I think I got off-track – trying to anticipate what would be agreeable in certain venues- ie: health care/hospitality/ etc. Rather than just doing my true work. Sometimes they blended with one another- but I have often found myself in this odd territory between traditional landscape/representational painting and contemporary/non-objective/conceptual work. Perhaps this comes from my strong inclination to manufacture spatially convincing, believable worlds that are beautiful, fictional and technically challenging, and hopefully a bit unsettling or mysterious. Whatever it is, there is bound to be a shift in the work when you move, even if it’s just a couple miles to a studio at home. Once I am finished with the busyness of summer, and other commitments, I am looking forward to more consistent time, buried in the basement, seeing where all this will lead.
Oh yeah, and there’s a gallon or so of sauerkraut for Reuben sandwiches later!
Does this ever happen to you… you bring some piece of work home and it gets stored, and then you bring it out, and it gets the thrashing it deserves?
I think I’ve been mulling over the work that I did this past year or so, and feeling like it lacked some kind of courage or freedom… like everything was too controlled and contrived. Starting a new painting in a new environment (see previous post) ie: my basement…. I am probably now being influenced by the fact that I have more physical space to move around in. Maybe before, I was thinking about being “tasteful” or something equally insidious…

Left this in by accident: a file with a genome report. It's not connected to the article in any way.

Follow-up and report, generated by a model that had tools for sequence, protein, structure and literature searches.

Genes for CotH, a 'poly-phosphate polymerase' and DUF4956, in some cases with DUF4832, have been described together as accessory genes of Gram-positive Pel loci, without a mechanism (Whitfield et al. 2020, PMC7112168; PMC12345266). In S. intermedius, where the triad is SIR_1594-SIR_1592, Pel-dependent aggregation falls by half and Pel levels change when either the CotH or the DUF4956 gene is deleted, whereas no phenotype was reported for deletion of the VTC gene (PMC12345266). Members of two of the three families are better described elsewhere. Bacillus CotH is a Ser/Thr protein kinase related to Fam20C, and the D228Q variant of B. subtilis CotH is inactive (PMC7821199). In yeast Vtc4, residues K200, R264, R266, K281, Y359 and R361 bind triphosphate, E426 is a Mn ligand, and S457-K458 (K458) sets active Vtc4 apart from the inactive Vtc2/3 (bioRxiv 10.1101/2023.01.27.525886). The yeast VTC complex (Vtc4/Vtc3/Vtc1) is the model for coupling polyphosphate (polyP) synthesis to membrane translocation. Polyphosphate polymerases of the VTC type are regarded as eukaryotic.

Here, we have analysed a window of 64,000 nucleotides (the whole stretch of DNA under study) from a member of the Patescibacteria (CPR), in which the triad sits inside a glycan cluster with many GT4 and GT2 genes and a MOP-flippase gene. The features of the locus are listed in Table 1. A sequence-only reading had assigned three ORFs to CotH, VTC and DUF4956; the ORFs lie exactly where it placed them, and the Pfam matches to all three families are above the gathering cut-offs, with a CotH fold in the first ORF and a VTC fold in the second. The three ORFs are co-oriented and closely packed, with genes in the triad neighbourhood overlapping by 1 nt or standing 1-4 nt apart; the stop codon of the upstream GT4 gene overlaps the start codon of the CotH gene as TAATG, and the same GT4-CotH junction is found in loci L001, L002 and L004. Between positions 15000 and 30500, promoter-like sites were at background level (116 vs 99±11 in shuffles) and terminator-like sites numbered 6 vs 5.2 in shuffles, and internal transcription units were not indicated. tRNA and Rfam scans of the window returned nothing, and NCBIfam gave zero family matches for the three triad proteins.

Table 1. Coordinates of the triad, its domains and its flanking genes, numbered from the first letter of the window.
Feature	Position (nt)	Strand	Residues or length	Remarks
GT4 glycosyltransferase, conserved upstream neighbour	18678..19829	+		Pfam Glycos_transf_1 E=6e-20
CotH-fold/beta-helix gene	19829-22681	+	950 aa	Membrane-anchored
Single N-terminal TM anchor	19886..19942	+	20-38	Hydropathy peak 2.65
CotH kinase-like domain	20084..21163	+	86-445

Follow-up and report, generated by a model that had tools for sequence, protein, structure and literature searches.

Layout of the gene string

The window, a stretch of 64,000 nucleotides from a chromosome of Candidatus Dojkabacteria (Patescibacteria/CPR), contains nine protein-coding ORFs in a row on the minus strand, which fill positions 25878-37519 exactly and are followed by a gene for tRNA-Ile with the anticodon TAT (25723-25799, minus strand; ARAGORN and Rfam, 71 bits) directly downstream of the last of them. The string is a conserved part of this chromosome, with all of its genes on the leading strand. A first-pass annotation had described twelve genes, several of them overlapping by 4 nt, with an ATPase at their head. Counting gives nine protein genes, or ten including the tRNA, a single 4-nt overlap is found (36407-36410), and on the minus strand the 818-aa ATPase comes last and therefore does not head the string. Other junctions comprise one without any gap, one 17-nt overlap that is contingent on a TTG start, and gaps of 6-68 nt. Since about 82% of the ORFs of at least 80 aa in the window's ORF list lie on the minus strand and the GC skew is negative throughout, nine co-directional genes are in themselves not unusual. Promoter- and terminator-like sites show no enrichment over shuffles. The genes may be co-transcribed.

Can’t quite put my finger on it, but I either need to start over, and get a new direction, or give this one a bit more ooomph! So I went and started painting into it again…. not a new phenomenon- I am historically someone who reworks things … alot.
I think I miss the sinister, moody and seductive qualities of my earlier industrial paintings.
And maybe there’s a way to find that but with vines/botanical instruments, we’ll see.
I want to try and get back to just painting what interests me, not what I think will appeal to anyone else. Now that I have a stretch of the summer with no commitments, it could happen.
OK, is it just me, or do the pre-made medium stretcher bars always seem to warp? I have had bad luck in the last couple of years with fairly large canvases that I stretch and prime looking really wonky when they go up on the wall. We’re talking about maybe 1/2 inch or so out of square- but I can see it. Then sometimes the dang thing is even bowed in or out on one edge. This never used to happen to me- and I suspect the wood is inferior, unseasoned, whatever.
Now, only the heavier ones will do, I suppose, or I will try painting on wood panels instead. I used to love working on masonite and wood.
during the last week or so, I have been more in my painting life, which has felt just perfect, thank you. Today, I was working away on one painting, thinking it would be nice to have some more dense areas on either side to compress the space more into the center…. if you’re a visual person, you’ll understand what I mean….and at the end of the day, put up a diptych that I had been conceiving as having a congested tangle of vines in the background of the center linking the two halves and making what felt like a counter movement to the rest of the work.
Well, come to find out, I had switched the two pieces, and they really linked up better with the busier, denser places on the far left and right side now. Then the center is the open space. Still in a somewhat early stage, but …
WAY BETTER! Who knew? But it was a nice serendipitous moment. The kind that comes when you are just acting on impulse… the good kind.
Which version do you like? It’s early in the working life of this piece, so I expect lots of changes!